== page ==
Cybercrime 1


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Cybercrime 1

  1. 1. CYBERCRIME & NETWORK SECURITY Steve Wheeler Faculty of Education
  2. 2. INFORMATION SYSTEMS SECURITY <ul><li>A discipline that protects the </li></ul><ul><ul><li>C onfidentiality, </li></ul></ul><ul><ul><li>I ntegrity and </li></ul></ul><ul><ul><li>A vailability </li></ul></ul><ul><li>of information and information services </li></ul><ul><li>aka: Network Security, Computer Security, Information Assurance, Cyber Warfare </li></ul>
  3. 3. Cyber Warfare Sides have been taken: By June 2006, 180,292 unique computer viruses had been identified. ** There are approximately 150-250 new viruses identified every month * * Source: Cybercrime by Steven Furnell (2002) p 154 ** Source: (2006)
  4. 4. Threats: Illicit Activities Hackers : enjoy intellectual challenges of overcoming software limitations and how to increase capabilities of systems Crackers : illegally break into other people’s secure systems and networks Cyber Terrorists : threaten and attack other people’s computers to further a social or political agenda
  5. 5. <ul><li>The challenge... ‘because it’s there!’ </li></ul><ul><li>Ego </li></ul><ul><li>Espionage </li></ul><ul><li>Ideology </li></ul><ul><li>Mischief </li></ul><ul><li>Money (extortion or theft) </li></ul><ul><li>Revenge </li></ul>Motivation for Hackers: From Cybercrime by Steven Furnell (2002) p 55
  6. 6. 21 January 2003 Two years jail for UK virus writer who infected 27,000 PCs Simon Vallor , the twenty-two year old web designer from North Wales who, in December 2002, pleaded guilty to writing and distributing three computer viruses, was today sentenced at Southwark Crown Court, London to a two year custodial sentence. His viruses - Gokar , Redesi and Admirer – were proven to have infected 27,000 PCs in 42 countries. &quot;Vallor's actions were comparable to those of a vandal gaining illegal entry to businesses across the world and then interfering with thousands of their PCs. His sentence reflects the severity of his crime and it's reassuring to computer users that the UK courts are treating cybercriminals on a par with more traditional offenders,&quot; said Graham Cluley, senior technology consultant, Sophos Anti-Virus. &quot;Around 800 new viruses are cropping up each month - this level of activity requires a lot of virus writers. Perhaps Vallor's sentence will focus some minds and make virus writers think twice before unleashing their malicious code.&quot; Source:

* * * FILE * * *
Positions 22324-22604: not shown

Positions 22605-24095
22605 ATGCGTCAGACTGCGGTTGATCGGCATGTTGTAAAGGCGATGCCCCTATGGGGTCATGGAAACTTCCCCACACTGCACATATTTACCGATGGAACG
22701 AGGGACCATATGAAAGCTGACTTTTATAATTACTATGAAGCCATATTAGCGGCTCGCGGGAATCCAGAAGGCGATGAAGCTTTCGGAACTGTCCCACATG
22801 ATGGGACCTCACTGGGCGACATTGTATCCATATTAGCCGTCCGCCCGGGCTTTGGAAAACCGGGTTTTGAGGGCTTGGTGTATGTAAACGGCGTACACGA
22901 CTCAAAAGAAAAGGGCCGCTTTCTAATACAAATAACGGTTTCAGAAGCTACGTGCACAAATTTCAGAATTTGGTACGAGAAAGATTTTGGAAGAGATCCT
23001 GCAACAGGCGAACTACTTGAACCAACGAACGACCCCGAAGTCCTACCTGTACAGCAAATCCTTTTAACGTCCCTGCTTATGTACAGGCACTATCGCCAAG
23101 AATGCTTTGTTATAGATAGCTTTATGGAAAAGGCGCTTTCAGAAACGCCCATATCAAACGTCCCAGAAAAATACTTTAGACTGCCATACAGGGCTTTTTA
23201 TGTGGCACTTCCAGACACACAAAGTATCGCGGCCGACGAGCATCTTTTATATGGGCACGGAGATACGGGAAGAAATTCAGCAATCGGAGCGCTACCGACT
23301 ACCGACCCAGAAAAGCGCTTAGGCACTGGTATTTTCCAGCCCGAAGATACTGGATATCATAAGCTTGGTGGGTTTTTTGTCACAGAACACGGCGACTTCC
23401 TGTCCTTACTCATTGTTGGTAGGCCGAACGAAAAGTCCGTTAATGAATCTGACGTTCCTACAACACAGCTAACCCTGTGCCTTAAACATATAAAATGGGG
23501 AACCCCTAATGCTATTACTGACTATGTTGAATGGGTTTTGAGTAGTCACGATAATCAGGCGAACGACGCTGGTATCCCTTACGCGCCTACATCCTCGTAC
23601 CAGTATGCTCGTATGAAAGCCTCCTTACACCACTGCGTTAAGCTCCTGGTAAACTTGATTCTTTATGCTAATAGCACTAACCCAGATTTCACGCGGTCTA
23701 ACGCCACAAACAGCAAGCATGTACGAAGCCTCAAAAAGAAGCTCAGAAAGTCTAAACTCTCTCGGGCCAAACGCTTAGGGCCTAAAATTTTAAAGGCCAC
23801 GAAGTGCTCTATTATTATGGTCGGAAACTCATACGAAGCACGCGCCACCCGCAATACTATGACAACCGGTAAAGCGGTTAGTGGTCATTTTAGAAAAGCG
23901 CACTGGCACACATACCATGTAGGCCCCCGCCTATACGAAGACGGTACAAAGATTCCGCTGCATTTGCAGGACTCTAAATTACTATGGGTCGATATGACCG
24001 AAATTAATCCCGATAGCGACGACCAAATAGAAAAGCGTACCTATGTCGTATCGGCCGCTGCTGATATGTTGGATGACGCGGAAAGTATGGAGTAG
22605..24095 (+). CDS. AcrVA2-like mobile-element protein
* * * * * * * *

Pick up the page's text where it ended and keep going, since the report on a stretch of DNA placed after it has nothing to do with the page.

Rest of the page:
7. 7. Threats: Illicit Activities Malware Writers : responsible for the creation of malicious software Samurai : hackers hired to legally enter secure computer/network environments ‘ Phreakers’ : Focus on defeating telephone systems and associated communication technologies
  8. 8. Threats: Illicit Activities ‘ Phishing’ : sending out ‘scam’ e-mails with the criminal intent of deceit and extortion Spam : unsolicited and/or undesired bulk e-mail messages, often ‘selling’ a product (See also SPIM – targeting of instant messaging services) Zombie Computers: Yours?
  9. 9. Real Time Analysis Spam
  10. 10. Zombie BotNets Botnet is a jargon term for a collection of software robots, or ‘bots , which run autonomously. This can also refer to the network of computers using distributed computing software. While the term &quot;botnet&quot; can be used to refer to any group of bots, the word is generally used to refer to a collection of compromised machines ( zombies ) running programs, usually referred to as worms, Trojan horses, or backdoors, under a common command and control infrastructure. A botnet's originator (aka &quot;bot herder&quot;) can control the group remotely, and usually for nefarious purposes such as the sending of mass spam. Source: